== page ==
“We’re expecting your wedding invitation soon o!”- an “Aunt” from church
“Sister, when you and your sister get married, please don’t forget to invite us”- security personnel at the airport in Lagos
“God must give you your own husband, I claim it for you!”- Tomato seller at the Oniru Market
“When you’re in your husband’s house you_____” - Almost every female family member I know.
While all of this was (seemingly) well intentioned, can a 23 year old woman just live her life without people talking about marriage? Asking for a friend...
Marriage is a staple in many cultures, and in most African cultures, it is a top priority. In Nigerian culture however, it is worshipped. On any given day, just doing a quick google search of the word “Aso-ebi” will lead you to an instagram page (or 10) telling you about the most recent wedding, followed by a hashtag.
In Nigerian culture, weddings are a big deal. They’re a symbol of pride specifically for a woman. In many cases, a woman is not “respected” and is often deemed a “small girl” without a man by her side to supposedly make a woman out of her.
Since I live in Lagos (Wedding Capital), not a week goes by without talk of “(insert name here)’s Aso ebi” (fabric) or without being asked whether I’m “making anything” for (insert name here)’s traditional wedding. What seems like every other day, a family member or friend is changing their display picture on whatsapp to a photo of them posing outside of a church, post-wedding or leaning on a lavishly decorated table at Eko Hotel, or any given event hall. Don’t get me started on the hashtag trend and how I spend about thirty minutes trying to figure out what part of the hashtag is the bride’s name and which part is groom’s.
Our weddings are so notable that even Buzzfeed had to get in on it. In the age of social media, weddings seem like an even bigger deal because now people all over the world can get information about a wedding and essentially live stream it, via outlets such as Snapchat and Instagram.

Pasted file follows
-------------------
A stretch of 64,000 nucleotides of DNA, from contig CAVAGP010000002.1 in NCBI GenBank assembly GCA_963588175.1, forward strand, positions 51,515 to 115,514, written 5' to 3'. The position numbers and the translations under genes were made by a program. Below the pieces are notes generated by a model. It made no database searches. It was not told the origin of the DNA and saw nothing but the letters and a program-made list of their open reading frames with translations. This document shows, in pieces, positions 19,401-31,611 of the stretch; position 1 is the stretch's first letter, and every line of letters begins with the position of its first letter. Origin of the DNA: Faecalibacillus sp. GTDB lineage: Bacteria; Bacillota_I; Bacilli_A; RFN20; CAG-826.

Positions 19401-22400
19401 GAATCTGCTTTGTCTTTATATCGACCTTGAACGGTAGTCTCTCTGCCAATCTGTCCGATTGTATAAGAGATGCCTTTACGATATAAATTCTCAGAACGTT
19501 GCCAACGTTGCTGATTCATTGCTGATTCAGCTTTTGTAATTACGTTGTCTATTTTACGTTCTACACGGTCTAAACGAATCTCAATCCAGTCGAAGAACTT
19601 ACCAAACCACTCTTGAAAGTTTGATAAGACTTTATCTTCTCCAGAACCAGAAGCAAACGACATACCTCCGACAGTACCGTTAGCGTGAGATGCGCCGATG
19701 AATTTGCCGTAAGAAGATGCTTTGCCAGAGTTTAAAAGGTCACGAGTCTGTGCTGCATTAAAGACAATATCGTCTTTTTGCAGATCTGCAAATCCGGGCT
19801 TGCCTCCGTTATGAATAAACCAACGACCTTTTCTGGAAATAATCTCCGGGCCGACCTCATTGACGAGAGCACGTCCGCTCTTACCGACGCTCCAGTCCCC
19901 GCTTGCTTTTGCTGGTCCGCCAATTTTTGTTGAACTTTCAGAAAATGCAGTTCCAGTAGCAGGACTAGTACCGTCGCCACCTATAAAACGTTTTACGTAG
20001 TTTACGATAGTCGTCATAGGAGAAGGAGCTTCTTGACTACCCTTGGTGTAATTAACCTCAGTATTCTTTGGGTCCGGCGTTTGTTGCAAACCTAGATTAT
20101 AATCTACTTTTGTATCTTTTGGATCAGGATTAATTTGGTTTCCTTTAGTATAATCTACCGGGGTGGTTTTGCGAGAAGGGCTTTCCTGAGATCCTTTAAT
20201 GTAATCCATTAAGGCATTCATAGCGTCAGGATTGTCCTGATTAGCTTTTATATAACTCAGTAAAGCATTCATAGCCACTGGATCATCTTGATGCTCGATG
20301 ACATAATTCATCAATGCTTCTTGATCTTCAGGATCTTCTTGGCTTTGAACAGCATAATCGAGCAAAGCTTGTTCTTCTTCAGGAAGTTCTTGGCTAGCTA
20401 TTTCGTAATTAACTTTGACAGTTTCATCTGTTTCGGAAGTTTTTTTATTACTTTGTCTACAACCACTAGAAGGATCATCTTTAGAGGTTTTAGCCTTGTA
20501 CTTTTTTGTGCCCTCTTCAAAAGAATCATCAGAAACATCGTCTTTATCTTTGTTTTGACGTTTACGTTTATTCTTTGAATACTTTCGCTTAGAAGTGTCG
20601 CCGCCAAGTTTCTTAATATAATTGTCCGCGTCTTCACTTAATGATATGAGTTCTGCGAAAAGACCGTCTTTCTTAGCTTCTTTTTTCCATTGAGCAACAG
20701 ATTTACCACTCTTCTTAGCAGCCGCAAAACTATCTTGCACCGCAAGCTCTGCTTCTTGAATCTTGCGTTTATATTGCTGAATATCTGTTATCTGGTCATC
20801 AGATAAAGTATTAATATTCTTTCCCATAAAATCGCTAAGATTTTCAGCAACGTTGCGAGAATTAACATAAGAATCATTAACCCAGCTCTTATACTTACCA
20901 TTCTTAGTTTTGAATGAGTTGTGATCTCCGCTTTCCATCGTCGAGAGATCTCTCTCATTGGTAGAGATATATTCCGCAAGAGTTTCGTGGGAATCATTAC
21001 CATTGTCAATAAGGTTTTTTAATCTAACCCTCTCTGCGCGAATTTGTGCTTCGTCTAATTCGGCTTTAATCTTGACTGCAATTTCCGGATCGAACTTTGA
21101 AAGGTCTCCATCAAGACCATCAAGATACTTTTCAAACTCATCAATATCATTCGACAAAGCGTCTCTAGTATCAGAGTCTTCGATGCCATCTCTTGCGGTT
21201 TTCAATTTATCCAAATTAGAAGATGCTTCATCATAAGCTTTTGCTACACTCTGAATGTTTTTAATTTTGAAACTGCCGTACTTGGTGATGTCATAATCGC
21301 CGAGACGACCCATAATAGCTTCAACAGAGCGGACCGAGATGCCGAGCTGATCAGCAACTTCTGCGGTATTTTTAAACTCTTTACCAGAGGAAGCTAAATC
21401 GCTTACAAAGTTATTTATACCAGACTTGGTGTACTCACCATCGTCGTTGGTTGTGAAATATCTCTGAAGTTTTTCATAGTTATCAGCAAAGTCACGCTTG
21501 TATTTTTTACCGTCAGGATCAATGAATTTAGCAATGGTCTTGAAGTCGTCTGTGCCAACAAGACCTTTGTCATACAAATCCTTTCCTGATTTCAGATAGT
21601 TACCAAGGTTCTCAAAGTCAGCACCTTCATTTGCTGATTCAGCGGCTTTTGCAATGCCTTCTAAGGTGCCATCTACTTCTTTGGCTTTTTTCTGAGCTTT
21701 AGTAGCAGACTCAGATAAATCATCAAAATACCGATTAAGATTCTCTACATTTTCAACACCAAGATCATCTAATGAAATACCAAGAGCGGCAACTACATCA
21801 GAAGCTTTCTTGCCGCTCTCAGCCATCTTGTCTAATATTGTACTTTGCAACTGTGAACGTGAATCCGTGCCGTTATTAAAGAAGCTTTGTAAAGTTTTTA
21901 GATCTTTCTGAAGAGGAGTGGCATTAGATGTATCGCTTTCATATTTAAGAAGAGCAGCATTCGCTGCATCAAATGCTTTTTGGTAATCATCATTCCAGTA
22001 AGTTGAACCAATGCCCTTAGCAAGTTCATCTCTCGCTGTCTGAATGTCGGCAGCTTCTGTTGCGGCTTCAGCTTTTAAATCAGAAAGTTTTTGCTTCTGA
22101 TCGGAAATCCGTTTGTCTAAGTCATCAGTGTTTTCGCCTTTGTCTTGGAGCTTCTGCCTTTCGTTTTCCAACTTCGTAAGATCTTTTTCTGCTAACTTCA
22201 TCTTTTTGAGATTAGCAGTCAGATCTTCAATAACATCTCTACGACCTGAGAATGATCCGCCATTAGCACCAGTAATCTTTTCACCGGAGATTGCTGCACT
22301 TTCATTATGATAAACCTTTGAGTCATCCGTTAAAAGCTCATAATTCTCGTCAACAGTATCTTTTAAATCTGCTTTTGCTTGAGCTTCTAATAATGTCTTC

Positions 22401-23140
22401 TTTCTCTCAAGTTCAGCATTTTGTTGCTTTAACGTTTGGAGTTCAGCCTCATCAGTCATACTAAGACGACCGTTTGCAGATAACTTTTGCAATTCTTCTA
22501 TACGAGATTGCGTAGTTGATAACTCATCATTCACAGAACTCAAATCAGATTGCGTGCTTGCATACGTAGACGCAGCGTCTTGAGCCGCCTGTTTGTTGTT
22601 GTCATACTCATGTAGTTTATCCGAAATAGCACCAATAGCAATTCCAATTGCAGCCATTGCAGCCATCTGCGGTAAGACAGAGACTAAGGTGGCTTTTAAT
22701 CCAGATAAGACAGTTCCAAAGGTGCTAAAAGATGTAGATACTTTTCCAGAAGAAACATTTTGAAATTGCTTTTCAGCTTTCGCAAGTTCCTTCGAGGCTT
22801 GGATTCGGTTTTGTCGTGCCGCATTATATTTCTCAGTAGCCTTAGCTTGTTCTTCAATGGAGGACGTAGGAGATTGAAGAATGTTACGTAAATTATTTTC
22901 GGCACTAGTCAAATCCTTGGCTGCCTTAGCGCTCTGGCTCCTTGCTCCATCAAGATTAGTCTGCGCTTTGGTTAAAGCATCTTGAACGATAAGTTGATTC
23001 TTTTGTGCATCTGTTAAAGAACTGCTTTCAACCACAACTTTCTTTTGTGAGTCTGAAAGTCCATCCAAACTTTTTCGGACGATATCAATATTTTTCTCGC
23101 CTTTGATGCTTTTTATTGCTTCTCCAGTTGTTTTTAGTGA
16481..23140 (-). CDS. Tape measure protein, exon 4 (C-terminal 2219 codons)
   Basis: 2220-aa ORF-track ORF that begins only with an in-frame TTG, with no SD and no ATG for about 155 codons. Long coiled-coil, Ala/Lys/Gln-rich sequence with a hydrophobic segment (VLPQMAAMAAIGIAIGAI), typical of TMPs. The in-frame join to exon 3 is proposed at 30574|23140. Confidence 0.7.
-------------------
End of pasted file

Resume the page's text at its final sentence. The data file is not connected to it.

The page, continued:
While trying to manage the pressure of what shoes to wear with that very interesting aso ebi that (insert name here) chose for her wedding, those of us who are not married and are “of age” are feeling another kind of pressure. Sometimes, it feels like all Nigerian parents, grandparents, aunts and uncles are programmed to start asking about this very elusive “marriage” at a certain time because unfailingly, after walking across the stage to get their master's degree or getting that promotion, (what feels like) every Nigerian young adult/twentysomething year old often hears “next is marriage” or “I hope you will now settle down!”. I vaguely recall being reminded that my bride price would increase, once I’m able to bag my Master’s Degree.
Now going back to an earlier stated point. Marriage increases credibility for many women within many cultures in Nigeria. For some reason, a woman’s life doesn’t have value until she gets a ring on her finger. If for some reason, you’re over 30 and aren’t married, you become the prayer point of parents and the topic of Friday vigils.